Human membrane proteins strike evolutionary balance

Cells are compartmentalized by membranes, and proteins present in these membranes play an important role in transporting cellular information. For proper function of these proteins to occur, a tertiary protein structure must ...

Function follows form in plant immunity

Scientists from the Max Planck Institute for Plant Breeding Research (MPIPZ) and the University of Cologne, Germany, have discovered a novel biochemical mechanism explaining how immune proteins defend plants against invading ...

Unlocking complex workings of the biological clock

Scientists want to increase their understanding of circadian rhythms, those internal 24-hour biological clock cycles of sleeping and waking that occur in organisms, ranging from humans to plants to fungi to bacteria. A research ...

New technology solves mystery of respiration in Tetrahymena

Tetrahymena, a tiny single celled-organism, turns out to be hiding a surprising secret: it's doing respiration—using oxygen to generate cellular energy—differently from other organisms such as plants, animals or yeasts. ...

Plant-based steak made from pea protein

ETH Pioneer Fellow Martin Hofmann has developed a method to produce high-quality plant-based meat alternatives. His research on the flow properties of soft materials enables him to imitate the marbling of real steaks.

New advances in protein-folding process thermodynamics

In biophysics, the kinetic states of molecules play a determining role in the metabolic and physiological processes in which they take part. Now, a paper published in the journal Proceedings of the National Academy of Sciences ...

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Protein structure

Proteins are an important class of biological macromolecules present in all biological organisms, made up of such elements as carbon, hydrogen, nitrogen, oxygen, and sulphur. All proteins are polymers of amino acids. The polymers, also known as polypeptides, consist of a sequence of 20 different L-α-amino acids, also referred to as residues. For chains under 40 residues the term peptide is frequently used instead of protein. To be able to perform their biological function, proteins fold into one, or more, specific spatial conformations, driven by a number of noncovalent interactions such as hydrogen bonding, ionic interactions, Van Der Waals forces and hydrophobic packing. In order to understand the functions of proteins at a molecular level, it is often necessary to determine the three dimensional structure of proteins. This is the topic of the scientific field of structural biology, that employs techniques such as X-ray crystallography or NMR spectroscopy, to determine the structure of proteins.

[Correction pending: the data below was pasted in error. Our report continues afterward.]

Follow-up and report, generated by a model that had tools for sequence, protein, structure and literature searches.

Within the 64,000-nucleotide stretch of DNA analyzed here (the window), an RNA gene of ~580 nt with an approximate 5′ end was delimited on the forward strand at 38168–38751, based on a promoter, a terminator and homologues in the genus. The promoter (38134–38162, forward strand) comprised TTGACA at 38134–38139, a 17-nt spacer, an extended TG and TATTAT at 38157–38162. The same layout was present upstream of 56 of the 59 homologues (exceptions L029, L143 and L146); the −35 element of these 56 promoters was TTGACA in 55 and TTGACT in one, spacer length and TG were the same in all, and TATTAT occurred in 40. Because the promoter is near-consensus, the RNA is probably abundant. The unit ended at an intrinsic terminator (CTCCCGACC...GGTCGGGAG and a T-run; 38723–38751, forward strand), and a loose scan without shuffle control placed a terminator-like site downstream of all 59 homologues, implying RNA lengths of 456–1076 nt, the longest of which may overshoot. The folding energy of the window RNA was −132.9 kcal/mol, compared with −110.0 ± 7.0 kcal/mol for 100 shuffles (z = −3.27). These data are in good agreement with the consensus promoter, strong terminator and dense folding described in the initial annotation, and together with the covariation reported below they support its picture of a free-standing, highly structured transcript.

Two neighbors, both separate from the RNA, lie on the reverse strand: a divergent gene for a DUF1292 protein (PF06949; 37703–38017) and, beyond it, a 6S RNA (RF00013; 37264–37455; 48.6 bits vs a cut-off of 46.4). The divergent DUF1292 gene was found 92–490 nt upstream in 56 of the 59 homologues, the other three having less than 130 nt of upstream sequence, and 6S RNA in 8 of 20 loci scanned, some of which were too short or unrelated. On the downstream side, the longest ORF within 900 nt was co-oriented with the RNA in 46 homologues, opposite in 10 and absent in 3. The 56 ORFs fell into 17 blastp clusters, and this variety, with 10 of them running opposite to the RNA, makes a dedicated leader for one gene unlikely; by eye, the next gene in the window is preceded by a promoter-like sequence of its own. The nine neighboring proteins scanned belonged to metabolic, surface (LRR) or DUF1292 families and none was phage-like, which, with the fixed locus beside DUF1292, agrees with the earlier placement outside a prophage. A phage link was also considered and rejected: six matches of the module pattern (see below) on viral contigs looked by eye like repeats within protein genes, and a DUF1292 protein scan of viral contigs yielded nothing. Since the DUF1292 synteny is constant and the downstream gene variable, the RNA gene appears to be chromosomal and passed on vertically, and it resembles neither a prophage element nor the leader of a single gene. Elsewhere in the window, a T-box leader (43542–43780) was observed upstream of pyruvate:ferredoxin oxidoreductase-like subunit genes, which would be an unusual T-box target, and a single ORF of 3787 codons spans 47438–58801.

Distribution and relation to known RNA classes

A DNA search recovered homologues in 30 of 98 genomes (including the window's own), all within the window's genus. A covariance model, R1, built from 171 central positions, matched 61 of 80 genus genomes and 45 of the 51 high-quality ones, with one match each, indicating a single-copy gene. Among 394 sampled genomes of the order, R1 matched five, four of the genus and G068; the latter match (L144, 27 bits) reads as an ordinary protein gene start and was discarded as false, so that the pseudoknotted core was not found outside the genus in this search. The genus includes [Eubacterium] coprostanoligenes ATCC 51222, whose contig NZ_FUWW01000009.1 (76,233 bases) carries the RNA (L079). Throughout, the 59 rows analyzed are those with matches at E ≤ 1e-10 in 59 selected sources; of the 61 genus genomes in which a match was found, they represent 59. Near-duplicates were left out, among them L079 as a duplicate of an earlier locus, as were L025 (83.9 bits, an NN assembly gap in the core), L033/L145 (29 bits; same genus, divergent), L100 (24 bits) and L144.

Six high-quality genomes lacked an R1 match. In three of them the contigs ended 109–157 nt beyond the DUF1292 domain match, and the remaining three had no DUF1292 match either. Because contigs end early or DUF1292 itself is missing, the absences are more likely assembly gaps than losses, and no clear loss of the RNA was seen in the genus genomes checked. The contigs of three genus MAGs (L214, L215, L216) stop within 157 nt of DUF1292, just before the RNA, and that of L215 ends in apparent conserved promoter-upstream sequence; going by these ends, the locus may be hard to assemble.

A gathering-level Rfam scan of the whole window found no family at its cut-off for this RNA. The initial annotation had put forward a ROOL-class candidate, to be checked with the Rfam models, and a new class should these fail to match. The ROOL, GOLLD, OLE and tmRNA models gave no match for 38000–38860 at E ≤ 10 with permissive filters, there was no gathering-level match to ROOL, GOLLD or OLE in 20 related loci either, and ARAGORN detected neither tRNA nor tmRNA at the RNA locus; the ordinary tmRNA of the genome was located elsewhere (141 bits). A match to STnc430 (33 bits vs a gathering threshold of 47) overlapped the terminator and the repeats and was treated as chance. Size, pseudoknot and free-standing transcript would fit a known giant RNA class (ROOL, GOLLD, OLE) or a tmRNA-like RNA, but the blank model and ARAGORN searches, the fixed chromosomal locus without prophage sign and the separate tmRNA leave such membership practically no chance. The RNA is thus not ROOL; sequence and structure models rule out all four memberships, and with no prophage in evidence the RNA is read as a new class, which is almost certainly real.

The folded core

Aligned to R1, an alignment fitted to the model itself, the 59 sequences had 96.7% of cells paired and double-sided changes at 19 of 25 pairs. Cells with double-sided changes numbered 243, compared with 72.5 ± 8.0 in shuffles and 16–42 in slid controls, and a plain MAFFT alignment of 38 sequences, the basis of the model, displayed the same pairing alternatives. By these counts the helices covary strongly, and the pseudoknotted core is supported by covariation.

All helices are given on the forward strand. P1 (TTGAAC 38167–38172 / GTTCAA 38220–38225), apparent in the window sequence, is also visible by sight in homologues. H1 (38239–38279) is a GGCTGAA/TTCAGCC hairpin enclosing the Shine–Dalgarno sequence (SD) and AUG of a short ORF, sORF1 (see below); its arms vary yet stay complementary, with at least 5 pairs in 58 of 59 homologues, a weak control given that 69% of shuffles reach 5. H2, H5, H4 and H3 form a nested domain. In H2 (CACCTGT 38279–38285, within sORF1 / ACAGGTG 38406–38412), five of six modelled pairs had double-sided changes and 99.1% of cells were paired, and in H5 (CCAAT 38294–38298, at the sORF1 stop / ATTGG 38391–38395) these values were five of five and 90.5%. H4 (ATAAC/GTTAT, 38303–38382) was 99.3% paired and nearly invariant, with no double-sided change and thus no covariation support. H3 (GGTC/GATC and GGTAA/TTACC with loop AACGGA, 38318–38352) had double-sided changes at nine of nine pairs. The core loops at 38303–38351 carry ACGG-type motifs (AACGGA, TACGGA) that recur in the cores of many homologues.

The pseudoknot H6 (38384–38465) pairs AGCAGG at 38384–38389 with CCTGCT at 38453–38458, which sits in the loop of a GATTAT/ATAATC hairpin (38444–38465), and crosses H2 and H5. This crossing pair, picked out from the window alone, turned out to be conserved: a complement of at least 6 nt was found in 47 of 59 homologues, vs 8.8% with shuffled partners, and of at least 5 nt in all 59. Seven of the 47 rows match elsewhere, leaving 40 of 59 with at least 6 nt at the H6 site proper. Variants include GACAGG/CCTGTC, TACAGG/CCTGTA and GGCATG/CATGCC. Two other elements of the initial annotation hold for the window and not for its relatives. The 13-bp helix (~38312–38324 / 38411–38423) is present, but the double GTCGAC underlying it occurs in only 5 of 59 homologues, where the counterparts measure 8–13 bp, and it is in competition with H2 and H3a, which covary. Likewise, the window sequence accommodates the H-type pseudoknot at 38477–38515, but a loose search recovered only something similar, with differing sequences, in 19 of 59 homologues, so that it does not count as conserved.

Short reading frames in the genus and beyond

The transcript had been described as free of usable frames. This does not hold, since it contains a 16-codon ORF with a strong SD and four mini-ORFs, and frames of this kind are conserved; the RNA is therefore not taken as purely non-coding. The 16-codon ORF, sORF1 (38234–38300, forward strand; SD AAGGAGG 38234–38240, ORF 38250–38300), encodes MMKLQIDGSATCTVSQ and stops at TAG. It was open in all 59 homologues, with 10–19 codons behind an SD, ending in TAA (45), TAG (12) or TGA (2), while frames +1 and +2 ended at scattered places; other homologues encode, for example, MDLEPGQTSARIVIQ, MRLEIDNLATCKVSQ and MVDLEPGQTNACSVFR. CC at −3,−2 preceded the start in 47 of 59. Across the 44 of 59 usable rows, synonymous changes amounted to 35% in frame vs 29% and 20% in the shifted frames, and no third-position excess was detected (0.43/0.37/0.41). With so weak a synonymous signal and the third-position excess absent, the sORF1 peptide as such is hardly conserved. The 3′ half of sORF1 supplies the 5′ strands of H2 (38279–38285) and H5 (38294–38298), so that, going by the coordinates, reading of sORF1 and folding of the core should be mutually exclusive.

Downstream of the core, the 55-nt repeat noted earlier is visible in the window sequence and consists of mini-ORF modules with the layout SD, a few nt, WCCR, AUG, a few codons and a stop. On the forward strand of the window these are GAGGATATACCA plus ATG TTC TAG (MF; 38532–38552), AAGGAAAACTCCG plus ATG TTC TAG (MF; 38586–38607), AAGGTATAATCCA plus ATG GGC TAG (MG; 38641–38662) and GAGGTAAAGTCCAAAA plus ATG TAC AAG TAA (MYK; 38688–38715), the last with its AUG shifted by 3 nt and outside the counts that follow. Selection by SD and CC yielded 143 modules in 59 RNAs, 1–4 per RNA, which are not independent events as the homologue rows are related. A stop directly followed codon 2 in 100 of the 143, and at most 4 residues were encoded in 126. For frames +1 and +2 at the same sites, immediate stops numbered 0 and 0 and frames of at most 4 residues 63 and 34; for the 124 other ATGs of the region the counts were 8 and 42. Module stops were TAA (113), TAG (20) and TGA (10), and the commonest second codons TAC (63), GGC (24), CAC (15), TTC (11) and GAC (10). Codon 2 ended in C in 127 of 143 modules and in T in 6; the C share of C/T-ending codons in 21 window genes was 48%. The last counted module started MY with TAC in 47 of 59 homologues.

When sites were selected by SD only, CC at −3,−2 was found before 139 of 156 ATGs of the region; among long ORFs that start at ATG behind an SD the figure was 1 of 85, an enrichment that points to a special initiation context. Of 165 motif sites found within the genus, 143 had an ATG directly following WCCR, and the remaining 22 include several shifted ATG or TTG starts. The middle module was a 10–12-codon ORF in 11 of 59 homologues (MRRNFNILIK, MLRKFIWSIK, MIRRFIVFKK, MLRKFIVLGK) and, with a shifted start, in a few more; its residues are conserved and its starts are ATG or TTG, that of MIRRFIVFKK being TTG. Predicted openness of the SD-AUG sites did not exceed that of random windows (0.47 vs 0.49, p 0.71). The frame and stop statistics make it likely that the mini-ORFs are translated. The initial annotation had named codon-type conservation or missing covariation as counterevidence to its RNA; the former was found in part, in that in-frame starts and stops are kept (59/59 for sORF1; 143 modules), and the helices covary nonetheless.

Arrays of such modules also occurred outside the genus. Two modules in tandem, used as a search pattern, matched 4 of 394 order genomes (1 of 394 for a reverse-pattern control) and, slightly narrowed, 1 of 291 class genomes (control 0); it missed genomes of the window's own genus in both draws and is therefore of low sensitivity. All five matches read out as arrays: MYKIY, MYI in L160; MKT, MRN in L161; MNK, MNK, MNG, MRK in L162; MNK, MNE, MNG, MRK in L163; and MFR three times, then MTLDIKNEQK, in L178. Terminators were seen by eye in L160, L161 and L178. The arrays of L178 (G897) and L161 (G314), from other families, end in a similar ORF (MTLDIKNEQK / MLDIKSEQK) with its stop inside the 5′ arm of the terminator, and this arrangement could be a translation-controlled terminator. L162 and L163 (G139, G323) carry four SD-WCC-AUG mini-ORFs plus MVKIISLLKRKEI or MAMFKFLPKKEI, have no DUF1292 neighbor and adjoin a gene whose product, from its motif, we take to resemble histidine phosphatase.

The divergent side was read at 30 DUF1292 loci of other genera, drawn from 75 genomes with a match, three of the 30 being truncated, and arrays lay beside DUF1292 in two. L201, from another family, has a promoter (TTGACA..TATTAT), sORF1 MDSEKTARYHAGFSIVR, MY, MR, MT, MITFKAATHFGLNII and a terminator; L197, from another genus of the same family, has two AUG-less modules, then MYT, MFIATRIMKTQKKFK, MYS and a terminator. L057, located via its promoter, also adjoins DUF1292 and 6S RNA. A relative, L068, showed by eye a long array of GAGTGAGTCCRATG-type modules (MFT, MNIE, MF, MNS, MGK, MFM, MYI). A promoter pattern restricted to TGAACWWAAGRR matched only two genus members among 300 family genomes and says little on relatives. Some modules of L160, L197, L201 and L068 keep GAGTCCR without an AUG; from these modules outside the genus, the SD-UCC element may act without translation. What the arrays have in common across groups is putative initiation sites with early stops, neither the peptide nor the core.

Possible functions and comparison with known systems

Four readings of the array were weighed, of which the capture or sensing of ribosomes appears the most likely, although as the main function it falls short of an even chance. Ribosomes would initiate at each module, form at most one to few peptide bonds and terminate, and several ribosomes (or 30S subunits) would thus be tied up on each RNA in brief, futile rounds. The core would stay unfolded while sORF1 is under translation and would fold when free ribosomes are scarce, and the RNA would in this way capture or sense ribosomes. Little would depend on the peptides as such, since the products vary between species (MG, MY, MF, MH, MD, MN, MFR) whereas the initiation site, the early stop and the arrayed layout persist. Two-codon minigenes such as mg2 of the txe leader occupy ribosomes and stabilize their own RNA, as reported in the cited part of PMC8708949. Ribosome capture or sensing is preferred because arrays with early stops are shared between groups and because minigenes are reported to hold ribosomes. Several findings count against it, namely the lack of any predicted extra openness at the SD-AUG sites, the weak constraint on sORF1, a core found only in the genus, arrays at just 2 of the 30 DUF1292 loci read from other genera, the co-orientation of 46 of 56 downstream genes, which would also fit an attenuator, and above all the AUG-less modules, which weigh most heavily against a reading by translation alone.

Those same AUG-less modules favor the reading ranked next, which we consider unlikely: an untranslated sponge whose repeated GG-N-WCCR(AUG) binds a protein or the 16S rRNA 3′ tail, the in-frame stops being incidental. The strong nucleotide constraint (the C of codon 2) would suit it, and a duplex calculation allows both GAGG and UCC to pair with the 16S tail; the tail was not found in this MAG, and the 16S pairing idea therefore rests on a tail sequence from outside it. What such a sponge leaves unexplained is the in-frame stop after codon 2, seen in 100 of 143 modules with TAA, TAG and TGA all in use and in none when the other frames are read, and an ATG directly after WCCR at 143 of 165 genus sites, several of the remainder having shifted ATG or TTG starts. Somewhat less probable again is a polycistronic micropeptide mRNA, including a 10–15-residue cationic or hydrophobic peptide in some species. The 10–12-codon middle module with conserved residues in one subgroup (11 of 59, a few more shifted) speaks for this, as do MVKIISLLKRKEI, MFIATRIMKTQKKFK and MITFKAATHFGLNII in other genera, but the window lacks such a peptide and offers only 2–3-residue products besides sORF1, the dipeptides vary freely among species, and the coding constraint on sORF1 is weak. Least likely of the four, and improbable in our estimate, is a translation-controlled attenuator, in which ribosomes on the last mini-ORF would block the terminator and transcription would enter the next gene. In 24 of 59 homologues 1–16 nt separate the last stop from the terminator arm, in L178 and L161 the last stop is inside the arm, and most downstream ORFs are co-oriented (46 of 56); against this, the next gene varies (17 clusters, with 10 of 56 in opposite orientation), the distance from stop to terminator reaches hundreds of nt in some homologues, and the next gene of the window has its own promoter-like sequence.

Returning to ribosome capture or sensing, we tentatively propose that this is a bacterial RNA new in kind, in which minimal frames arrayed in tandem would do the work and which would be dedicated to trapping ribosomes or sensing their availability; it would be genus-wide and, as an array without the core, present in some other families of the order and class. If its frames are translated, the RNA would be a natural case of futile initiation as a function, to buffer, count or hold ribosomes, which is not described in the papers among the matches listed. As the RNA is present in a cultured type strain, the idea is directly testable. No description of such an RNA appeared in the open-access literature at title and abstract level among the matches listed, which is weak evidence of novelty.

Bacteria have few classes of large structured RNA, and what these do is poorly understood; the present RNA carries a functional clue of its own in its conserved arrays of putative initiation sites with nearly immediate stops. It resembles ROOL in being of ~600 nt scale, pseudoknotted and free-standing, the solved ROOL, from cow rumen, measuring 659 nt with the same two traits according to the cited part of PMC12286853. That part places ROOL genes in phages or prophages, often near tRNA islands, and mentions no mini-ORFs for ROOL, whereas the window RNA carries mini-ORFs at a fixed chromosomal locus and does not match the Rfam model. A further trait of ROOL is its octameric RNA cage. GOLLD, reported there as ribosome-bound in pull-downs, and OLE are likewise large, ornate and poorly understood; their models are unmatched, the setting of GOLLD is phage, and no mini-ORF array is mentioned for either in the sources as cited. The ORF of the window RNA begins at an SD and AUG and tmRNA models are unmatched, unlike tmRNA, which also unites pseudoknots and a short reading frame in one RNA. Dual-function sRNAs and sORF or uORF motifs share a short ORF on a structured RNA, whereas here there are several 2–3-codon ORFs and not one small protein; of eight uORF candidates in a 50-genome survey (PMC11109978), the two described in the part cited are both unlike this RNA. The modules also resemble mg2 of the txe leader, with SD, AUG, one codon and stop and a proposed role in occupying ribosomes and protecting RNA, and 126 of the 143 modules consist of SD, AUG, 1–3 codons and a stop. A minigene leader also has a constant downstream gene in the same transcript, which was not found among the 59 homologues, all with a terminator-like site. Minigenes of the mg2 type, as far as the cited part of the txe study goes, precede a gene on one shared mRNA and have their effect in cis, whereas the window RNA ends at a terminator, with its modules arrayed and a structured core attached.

A number of residues are necessary to perform a particular biochemical function, and around 40-50 residues appears to be the lower limit for a functional domain size. Protein sizes range from this lower limit to several thousand residues in multi-functional or structural proteins. However, the current estimate for the average protein length is around 300 residues. Very large aggregates can be formed from protein subunits, for example many thousand actin molecules assemble into a microfilament.

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